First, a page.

‘Hot Club’ in a Cool Town—Home of DjangoFest NW

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HotClubofTroyBY RUSSELL CLEPPER
Whidbey Life Magazine Contributor
September 10, 2014

San Francisco has one. Detroit has one. France had the first one. Even Hulaville has one. Whidbey Island has joined the club. The Hot Club, that is—the Hot Club of Troy to be precise.

The Hot Club of France was a jazz appreciation society formed by a small band of Parisian students in the early 1930s. They promoted a style of music known as “hot jazz,” descended from the Dixieland jazz of New Orleans. This progressed into the Chicago style of jazz of which Louis Armstrong was the best known proponent.

Bandleader Troy Chapman concentrates on laying down a Django groove with the Hot Club of Troy. Photo by David Welton.

Bandleader Troy Chapman concentrates on laying down a Django groove with the Hot Club of Troy. Photo by David Welton.

The club eventually hired Django Reinhardt and Stephan Grappelli, along with three other musicians, to become the Quintette du Hot Club de France. The name was shortened over the years to simply Hot Club of France and the gypsy jazz style of music they elaborated became one of the most influential musical movements of the 20th Century.

Our island version of the Hot Club is not named after a place, however. There’s no town of Troy between Clinton and Oak Harbor. But there is a person named Troy on the island and he happens to be an exceptionally fine guitarist who has mastered several styles of jazz, but whose first love is the gypsy jazz style of the great Django Reinhardt.

“I mean the pun is obvious,” said Troy Chapman, band leader of the group. “I just thought it would be a great opportunity that I couldn’t pass up, that I’m one of the few people who has a name that’s actually a known town; I should take advantage of that.”

Bassist Kristi O'Donnell enjoys a brief moment between songs. Photo by David Welton.

Bassist Kristi O’Donnell enjoys a brief moment between songs. Photo by David Welton.

In fact, there may be as many as 26 towns in the United States named Troy, besides the one they are all named after—that ancient city-state with the wooden horse problem. None of them, however, can lay claim to being a host city for world-class gypsy jazz as can little ol’ Langley on Whidbey Island.

Langley has been on the radar of Django disciples for more than a decade. The Whidbey Island Center for the Arts will host the 14th year of DjangoFest this coming Sept. 17 through 21. World class artists such as Stochelo Rosenberg, Gonzalo Bergara and Florin Niculescu are slated to perform and lead workshops. On Friday, Sept. 19, the Seattle gypsy jazz quintet Pearl Django will perform as they have for each of DjangoFest’s preceding 13 years. Chapman joined the group in 2010 and is recognized as one of North America’s leading gypsy jazz guitarists.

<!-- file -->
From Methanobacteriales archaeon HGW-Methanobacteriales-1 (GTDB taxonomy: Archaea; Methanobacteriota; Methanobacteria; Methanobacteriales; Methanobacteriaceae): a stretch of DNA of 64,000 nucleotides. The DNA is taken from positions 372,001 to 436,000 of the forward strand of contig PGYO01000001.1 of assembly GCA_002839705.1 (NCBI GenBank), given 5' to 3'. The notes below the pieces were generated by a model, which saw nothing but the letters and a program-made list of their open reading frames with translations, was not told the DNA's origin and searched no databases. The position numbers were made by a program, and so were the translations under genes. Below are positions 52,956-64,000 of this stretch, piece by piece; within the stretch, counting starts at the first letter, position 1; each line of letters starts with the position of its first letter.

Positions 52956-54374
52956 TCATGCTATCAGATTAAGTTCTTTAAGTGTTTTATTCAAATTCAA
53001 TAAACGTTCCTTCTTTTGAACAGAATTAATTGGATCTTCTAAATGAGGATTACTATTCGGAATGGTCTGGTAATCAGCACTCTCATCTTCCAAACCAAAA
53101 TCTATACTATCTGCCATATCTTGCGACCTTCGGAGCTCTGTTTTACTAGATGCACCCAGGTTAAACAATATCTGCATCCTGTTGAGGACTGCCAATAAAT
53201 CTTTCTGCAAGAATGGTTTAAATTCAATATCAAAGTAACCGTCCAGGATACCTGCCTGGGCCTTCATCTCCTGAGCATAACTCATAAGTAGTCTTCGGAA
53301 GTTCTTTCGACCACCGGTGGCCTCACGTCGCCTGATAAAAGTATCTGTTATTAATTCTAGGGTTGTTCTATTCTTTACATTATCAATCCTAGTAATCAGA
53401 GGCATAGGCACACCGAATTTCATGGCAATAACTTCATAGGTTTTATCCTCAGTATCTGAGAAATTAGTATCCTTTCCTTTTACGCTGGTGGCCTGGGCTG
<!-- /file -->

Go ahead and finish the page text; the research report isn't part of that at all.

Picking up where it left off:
Keith Bowers takes a turn on lead guitar. Photo by David Welton.

Keith Bowers takes a turn on lead guitar. Photo by David Welton.

Enter Trio Nouveau, the high-flying, hard swinging, quick picking jazz band founded by Whidbey residents Keith Bowers and Kristi O’Donnell. Chapman is a regular in the group, which focuses more on the Great American Songbook collection of popular songs from the 1920s to the 1950s. However, Bowers and O’Donnell share Chapman’s love of Reinhardt’s style of playing and the three of them wanted to play that style at select venues around the island.

Chapman said, “I didn’t want to do it as Trio Nouveau, because Trio Nouveau plays a different kind of music. The Hot Club of Troy is very much about the purity of the sound of Django Reinhardt and his music. We’ll be playing mostly Reinhardt compositions.”

The Hot Club of Troy has been performing this summer at Useless Bay Coffee House, Ott & Murphy’s Cabaret and a new venue on the island, the Roaming Radish (5023 Harbor Hills Drive in Freeland, formerly the Beachfire Grill). Their next performance is from 12 noon until 2 p.m. on Tuesday, Sept. 16 at Useless Bay Coffee, the day before DjangoFest begins.  The trio will continue the gig there at that day and time throughout the Fall

The Hot Club of Troy at a recent performance at Useless Bay Coffee. Keith Bowers in the foreground with Kristi O'Donnell on upright bass and Troy Chapman. Photo by David Welton.

The Hot Club of Troy at a recent performance at Useless Bay Coffee. Keith Bowers in the foreground with Kristi O’Donnell on upright bass and Troy Chapman. Photo by David Welton.

“We’ll play wherever anybody asks us to play,” said Chapman. “If you like gypsy jazz, you will really like this. If you like Django Reinhardt, you will really like this. If we get a good response, we’d like to do this for about the next 20 years.”

To see WICA’s complete schedule for DjangoFest 2014 and to order tickets, go to http://www.wicaonline.org/djangofest-northwest/.

Russell Clepper is a singer-songwriter who plies his trade locally and around the country. He is also a substitute teacher for the Oak Harbor School District.

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